So, smells like sweet curry powder. Looks like...
Cubed cheese and beef bits with noodles. Waugh. I'm sure you'll feel better to know that I think those aren't beef bits, they're actually pieces of curry roux and mushroom. The cubed cheese, however, is very much cheese so deal with it. To an instant noodle fan, and a person who loved salami & cheese snack sticks from petrol stations as a youth, this looks absolutely amazing to me. I'll gladly eat preserved cheese product, and ask for more.

All you have to do to prepare this is boil a kettle, fill the cup up to the line with the boiling water, and wait four minutes. The whole time, it smells like sweet curry with a slight cheddar tang.
I can see where some people might look at this picture and be absolutely disgusted. I do get that. However, this is extremely tasty. The darkish bits are just curry sauce, and the yellow bits are cheese, of course. It looks much nicer once you mix it, it just looks like noodles in a curry sauce.

It tasted amazing, Just like Japanese-style curry, which is sweet and mildly spicy, with little bits of tangy cheddar cheese. The noodles are thicker and chewier than other instant noodles, which are usually imported from China, Hong Kong, or Vietnam...basically, countries that aren't Japan. Japanese instant noodles in general are a bit nicer quality, but they're also more expensive so unless you're particularly into instant noodles it probably isn't worth the extra cash unless it is a flavor like this.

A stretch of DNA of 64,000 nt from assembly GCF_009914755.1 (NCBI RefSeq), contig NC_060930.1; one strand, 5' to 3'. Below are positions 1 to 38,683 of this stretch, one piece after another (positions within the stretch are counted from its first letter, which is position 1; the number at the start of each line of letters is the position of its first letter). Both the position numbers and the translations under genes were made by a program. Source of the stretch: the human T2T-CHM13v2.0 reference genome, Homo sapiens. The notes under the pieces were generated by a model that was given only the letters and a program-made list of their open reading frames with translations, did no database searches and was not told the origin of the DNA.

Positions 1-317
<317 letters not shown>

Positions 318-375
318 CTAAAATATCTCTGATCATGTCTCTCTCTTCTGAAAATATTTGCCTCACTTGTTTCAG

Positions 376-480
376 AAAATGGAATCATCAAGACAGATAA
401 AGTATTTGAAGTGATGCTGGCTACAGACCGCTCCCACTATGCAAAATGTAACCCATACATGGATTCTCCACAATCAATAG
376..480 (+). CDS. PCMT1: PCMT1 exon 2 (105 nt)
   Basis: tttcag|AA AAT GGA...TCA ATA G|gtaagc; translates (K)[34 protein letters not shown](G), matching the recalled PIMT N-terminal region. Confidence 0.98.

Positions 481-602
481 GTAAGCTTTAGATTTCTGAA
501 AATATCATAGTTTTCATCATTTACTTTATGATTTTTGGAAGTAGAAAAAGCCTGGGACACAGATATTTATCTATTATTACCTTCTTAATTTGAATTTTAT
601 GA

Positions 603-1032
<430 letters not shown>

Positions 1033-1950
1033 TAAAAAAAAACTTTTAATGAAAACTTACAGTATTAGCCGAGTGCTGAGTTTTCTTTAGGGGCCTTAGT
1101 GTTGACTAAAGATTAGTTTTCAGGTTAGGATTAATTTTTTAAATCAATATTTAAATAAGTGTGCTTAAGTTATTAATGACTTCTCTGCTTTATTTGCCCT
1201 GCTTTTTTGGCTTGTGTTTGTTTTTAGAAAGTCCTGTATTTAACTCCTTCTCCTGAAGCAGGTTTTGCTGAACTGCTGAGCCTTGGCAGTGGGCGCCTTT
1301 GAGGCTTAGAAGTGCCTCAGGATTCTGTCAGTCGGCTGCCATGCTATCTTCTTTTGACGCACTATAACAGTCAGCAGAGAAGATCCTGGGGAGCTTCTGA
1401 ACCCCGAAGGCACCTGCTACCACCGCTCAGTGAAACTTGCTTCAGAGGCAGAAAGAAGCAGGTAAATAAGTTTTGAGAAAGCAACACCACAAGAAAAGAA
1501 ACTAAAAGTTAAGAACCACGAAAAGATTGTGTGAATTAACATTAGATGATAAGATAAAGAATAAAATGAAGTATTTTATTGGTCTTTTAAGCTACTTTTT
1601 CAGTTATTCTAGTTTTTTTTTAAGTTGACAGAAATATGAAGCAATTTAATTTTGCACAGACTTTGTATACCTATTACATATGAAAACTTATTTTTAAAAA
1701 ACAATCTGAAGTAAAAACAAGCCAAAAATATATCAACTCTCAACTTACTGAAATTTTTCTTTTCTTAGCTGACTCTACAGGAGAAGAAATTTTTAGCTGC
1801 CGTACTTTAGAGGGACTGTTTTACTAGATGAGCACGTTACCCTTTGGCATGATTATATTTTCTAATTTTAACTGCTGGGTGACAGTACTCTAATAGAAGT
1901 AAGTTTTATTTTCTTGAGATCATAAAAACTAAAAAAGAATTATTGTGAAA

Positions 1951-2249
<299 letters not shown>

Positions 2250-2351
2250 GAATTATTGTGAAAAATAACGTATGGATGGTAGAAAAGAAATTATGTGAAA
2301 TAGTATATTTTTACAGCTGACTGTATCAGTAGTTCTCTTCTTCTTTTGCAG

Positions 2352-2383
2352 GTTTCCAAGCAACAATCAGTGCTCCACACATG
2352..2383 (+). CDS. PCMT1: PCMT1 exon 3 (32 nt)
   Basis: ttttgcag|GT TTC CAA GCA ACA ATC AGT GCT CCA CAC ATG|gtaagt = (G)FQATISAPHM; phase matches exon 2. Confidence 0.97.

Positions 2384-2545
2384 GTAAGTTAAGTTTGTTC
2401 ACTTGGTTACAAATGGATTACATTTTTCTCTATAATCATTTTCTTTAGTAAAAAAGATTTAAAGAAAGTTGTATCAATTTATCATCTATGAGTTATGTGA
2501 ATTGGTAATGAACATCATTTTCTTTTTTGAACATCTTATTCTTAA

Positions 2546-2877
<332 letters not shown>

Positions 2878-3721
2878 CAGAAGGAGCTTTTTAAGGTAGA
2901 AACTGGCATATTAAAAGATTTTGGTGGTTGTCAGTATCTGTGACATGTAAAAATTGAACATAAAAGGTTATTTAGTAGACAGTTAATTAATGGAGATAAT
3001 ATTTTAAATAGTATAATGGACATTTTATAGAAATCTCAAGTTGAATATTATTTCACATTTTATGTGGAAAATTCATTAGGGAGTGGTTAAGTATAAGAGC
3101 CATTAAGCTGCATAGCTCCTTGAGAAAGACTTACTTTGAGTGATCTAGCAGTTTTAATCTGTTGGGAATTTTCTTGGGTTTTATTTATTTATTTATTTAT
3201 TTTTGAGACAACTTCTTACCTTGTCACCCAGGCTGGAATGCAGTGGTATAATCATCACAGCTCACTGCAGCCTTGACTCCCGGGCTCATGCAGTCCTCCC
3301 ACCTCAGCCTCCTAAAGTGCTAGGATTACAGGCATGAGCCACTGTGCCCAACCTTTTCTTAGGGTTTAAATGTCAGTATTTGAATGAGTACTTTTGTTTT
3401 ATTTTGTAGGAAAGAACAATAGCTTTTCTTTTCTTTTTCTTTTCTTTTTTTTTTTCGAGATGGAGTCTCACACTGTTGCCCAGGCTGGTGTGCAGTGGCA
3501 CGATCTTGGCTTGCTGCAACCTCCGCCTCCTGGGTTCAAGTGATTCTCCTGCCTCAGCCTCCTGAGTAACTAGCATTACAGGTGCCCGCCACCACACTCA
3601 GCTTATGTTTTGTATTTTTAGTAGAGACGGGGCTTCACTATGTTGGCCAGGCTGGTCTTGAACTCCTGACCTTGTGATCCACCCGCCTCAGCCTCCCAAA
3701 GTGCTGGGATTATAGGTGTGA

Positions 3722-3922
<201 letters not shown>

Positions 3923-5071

Once I'd finished the noodles I had tons of curry soup left, and it tasted amazing. I usually hate the soups left over in instant noodles because they're just salty and boring, but this one tasted spicy & sweet just like an actual Japanese curry. The little bits of mushroom were super, too--not too chewy and not too soft, with a good meaty taste. It was also way more filling than other instant noodles, probably because there was a ton of noodles in it, and lots of bits of mushroom. It also didn't seem as salty, but that might be because the curry taste and tangy cheese overpowers the salt.

If this were something I could easily get in the UK, I'd buy them 24/7. It's a shame that instant noodles are one of the more expensive things to ship from Japan, because I'd happily buy a case of these to eat every couple weeks. I was thinking I might experiment with using Japanese curry roux (fairly easy to get in the UK) and bits of processed cheese on top of noodles to kind of replicate this...let's hope it doesn't turn into some kind of The Stuff situation.

Saturday, June 8, 2013

Cookie Crunch Doughnut & Orange Gloss Sundae, Krispy Kreme

Happy belated National Doughnut Day, America!

I have a long history with doughnuts here on Creamy Steaks, and yet if you would've asked me what my favorite baked good is, doughnuts would appear pretty low on that long...long...long list. I need to give it up to the doughnut, though.